For those who can't drive 55, MnDOT initiative for state highways is just the ticket
ST. PAUL -- This one’s for all the speed demons out there.
As motorists might have noticed, stretches of state highways have seen speed limits increased from 55 mph to 60 mph.
As it turns out, it represents a statewide initiative to increase speed limits for two-lane highways across Minnesota, said Tom Dumont, a traffic engineer for the Minnesota Department of Transportation.
Dumont said it’s been a process about a half-decade in the making, getting traffic moving through the state’s arteries at a pace that matches what motorists are typically driving -- which was about 60 mph to begin with -- which will be safer in the long run as traffic congestion lessons and roadways are used efficiently.
“State highways have pretty good design criteria,” Dumont said Tuesday, Nov. 13. “Pretty much nobody is traveling at 55. Everybody is traveling in the 60s and (state legislators) thought it would be the right thing to do. … Eighty-five percent of traffic in rural areas was traveling about 65 or low 60s.”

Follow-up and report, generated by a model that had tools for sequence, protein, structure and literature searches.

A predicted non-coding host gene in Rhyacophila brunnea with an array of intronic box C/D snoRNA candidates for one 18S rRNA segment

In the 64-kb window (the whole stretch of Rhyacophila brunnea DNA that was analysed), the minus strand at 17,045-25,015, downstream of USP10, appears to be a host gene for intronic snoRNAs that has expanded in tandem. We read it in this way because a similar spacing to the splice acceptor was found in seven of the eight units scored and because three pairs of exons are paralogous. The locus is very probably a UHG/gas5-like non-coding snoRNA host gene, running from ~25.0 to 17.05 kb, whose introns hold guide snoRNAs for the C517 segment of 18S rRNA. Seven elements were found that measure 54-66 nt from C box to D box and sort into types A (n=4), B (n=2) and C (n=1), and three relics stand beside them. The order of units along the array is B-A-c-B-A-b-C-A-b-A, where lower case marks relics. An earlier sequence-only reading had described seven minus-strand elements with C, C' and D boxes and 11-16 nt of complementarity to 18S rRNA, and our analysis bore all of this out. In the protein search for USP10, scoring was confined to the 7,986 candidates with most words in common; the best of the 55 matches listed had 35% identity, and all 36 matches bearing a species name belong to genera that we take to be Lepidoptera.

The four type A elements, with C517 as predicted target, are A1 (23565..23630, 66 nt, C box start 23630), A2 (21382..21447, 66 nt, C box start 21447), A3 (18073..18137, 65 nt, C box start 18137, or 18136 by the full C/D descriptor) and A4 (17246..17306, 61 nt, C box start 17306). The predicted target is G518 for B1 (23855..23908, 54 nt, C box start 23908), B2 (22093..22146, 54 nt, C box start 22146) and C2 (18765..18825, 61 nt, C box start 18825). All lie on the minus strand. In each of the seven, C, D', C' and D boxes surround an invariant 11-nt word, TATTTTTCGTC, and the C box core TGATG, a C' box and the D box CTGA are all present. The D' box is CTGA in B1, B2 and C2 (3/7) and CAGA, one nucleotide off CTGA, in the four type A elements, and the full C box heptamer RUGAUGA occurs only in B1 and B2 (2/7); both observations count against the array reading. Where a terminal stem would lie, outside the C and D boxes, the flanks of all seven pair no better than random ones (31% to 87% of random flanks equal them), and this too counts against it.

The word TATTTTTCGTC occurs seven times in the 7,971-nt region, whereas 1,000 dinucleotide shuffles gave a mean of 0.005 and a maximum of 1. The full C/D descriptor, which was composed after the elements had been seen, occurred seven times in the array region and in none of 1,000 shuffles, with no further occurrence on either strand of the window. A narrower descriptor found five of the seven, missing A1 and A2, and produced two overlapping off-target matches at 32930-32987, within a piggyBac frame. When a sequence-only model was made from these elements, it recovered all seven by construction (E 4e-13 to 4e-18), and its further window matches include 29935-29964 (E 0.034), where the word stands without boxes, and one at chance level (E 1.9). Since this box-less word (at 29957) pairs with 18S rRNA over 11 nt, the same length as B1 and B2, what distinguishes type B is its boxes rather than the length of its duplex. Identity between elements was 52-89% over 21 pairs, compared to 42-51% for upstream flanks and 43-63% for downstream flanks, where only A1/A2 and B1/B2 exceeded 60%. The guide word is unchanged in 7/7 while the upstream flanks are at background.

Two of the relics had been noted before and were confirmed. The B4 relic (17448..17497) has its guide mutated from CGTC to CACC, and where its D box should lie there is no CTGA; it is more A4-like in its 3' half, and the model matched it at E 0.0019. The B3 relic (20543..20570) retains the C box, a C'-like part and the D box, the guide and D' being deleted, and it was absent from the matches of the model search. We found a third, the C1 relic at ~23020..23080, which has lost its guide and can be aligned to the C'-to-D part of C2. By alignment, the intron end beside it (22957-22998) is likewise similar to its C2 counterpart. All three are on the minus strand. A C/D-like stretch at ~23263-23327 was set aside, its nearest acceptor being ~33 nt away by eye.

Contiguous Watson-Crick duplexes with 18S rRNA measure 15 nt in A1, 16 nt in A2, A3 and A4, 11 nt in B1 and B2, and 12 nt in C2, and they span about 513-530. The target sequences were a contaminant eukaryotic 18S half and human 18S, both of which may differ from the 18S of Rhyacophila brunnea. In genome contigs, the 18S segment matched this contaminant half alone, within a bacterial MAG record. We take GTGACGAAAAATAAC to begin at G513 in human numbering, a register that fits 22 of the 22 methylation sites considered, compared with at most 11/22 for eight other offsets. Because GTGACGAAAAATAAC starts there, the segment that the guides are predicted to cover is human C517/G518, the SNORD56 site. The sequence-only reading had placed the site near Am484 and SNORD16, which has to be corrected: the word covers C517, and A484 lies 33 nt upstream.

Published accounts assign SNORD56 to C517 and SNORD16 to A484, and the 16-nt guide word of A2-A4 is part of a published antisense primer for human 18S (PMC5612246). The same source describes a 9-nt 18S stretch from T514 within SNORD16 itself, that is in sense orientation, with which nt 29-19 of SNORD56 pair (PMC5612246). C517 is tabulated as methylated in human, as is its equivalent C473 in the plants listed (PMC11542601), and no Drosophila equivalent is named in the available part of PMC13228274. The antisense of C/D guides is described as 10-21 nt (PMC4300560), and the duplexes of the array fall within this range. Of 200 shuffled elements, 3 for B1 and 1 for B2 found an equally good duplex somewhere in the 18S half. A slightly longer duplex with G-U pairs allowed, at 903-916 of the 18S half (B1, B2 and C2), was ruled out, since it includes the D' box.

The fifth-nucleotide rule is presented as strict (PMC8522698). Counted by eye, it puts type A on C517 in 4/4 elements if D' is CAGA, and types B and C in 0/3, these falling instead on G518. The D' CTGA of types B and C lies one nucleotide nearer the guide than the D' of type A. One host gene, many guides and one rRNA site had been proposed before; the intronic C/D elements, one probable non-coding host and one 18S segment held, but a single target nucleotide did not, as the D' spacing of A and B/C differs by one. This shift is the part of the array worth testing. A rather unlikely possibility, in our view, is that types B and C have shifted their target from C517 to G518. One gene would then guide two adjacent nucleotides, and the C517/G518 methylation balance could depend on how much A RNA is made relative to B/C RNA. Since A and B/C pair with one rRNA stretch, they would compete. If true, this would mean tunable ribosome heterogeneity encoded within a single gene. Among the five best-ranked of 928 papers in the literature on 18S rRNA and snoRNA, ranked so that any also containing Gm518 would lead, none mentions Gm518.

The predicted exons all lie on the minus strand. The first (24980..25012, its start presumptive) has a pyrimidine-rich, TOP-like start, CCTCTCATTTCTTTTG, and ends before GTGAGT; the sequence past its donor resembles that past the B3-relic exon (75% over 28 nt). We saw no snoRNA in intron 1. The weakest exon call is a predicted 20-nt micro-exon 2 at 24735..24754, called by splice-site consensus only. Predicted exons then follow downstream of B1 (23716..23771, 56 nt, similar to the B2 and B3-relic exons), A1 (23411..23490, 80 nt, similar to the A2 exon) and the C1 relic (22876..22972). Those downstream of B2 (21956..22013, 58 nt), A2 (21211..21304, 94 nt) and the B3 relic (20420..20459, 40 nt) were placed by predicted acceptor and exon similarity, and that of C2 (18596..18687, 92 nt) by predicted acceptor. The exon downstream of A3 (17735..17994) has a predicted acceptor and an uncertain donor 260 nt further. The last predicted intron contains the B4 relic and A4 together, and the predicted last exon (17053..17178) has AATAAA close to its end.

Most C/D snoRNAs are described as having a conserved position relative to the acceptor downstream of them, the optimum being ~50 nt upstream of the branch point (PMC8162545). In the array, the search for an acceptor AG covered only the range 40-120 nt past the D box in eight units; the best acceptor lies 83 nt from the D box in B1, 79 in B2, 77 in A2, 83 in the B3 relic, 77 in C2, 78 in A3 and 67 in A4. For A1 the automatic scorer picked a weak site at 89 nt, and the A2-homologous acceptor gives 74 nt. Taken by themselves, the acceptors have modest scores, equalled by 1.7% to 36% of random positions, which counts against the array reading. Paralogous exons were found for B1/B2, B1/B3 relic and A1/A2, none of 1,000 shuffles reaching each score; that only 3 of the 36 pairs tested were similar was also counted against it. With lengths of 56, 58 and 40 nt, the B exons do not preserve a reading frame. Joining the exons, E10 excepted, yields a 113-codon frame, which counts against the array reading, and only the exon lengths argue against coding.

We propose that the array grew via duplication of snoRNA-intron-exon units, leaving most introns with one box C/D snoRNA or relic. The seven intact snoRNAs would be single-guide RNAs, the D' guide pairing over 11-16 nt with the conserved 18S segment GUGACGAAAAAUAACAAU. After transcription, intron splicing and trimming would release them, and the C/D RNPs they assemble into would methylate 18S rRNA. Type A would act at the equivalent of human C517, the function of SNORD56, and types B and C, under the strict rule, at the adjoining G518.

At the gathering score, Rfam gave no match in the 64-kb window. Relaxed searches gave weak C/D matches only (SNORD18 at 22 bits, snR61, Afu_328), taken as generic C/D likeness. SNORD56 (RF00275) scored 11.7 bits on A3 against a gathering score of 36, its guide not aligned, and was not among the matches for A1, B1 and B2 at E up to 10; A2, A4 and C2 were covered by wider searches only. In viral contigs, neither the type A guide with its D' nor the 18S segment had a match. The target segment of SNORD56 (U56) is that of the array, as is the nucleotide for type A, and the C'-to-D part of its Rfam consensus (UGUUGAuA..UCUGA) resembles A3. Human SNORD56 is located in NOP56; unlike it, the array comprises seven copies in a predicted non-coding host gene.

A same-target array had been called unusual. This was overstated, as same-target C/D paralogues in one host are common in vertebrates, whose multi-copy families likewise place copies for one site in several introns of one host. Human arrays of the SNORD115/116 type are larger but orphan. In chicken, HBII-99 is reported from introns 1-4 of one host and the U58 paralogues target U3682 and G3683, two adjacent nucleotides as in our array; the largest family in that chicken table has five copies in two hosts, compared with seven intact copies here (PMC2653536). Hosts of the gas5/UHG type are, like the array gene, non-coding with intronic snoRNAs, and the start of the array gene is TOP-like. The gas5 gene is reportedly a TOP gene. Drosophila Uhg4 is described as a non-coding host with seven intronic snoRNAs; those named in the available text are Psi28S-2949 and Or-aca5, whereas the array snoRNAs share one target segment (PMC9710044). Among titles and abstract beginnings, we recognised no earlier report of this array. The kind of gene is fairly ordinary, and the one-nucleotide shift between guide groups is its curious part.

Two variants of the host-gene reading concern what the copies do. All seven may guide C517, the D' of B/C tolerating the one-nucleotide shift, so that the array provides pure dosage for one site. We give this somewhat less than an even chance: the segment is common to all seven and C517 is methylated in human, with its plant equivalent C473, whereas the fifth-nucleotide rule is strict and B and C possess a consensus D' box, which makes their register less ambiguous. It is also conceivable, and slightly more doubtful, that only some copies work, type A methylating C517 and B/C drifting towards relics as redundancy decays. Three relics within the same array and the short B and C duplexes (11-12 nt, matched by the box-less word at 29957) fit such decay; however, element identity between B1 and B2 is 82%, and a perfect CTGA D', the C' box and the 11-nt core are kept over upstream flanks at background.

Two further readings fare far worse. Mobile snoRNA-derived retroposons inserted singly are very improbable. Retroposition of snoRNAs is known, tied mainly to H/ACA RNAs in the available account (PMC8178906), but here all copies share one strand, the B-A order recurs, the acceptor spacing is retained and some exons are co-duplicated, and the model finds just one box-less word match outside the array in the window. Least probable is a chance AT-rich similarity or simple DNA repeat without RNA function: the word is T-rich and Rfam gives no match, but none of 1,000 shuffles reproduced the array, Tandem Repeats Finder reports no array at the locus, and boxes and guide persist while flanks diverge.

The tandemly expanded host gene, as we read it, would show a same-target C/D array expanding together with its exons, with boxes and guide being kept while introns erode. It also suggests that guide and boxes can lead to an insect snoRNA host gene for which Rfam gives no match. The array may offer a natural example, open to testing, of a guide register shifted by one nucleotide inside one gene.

By creating speed limits that enable drivers to travel in groups -- without too many outliers that hold up and bottleneck groups of drivers, or aggravate the situation by driving too fast -- there are hopes to reduce the number of vehicular collisions as much as possible.
“You get one person going 45 and you’ve got 40 cars waiting to pass that person,” said Dumont, pointing to his own experience as a motorist in Crow Wing County, which is off the northwest corner of Mille Lacs Lake. “It’s just dangerous. There’s tremendous backup.”
He noted these changes were based in large part on studies by MnDOT over the course of five years, analyzing the road dynamics, state of the pavement and external conditions for each state highway in Minnesota.
Although, bear in mind that if a road doesn’t have the roadway infrastructure -- such as shoulders -- a curve-heavy serpentine route, or high crash rates, it will likely remain stuck at 55 mph. Dumont cited Highway 88 and Highway 12 by the Twin Cities as examples of roads that didn’t meet the cut.
Ultimately, the verdict is still out on how these new speed limits will affect the rate of crashes and the severity of these crashes.
“There's going to be a before and after study done on a lot of these roads -- a three-year period before and a three-year period after,” Dumont said. “Starting next year, we’re going to start gathering data. In the next couple years, we’ll start seeing some trends.”
While state highways are the main focus for now, Dumont said there is the possibility of raising speed limits for county highways as well -- namely, it’s been a point of discussion and some counties have pushed for that change, but it’s still in the early phases, if that.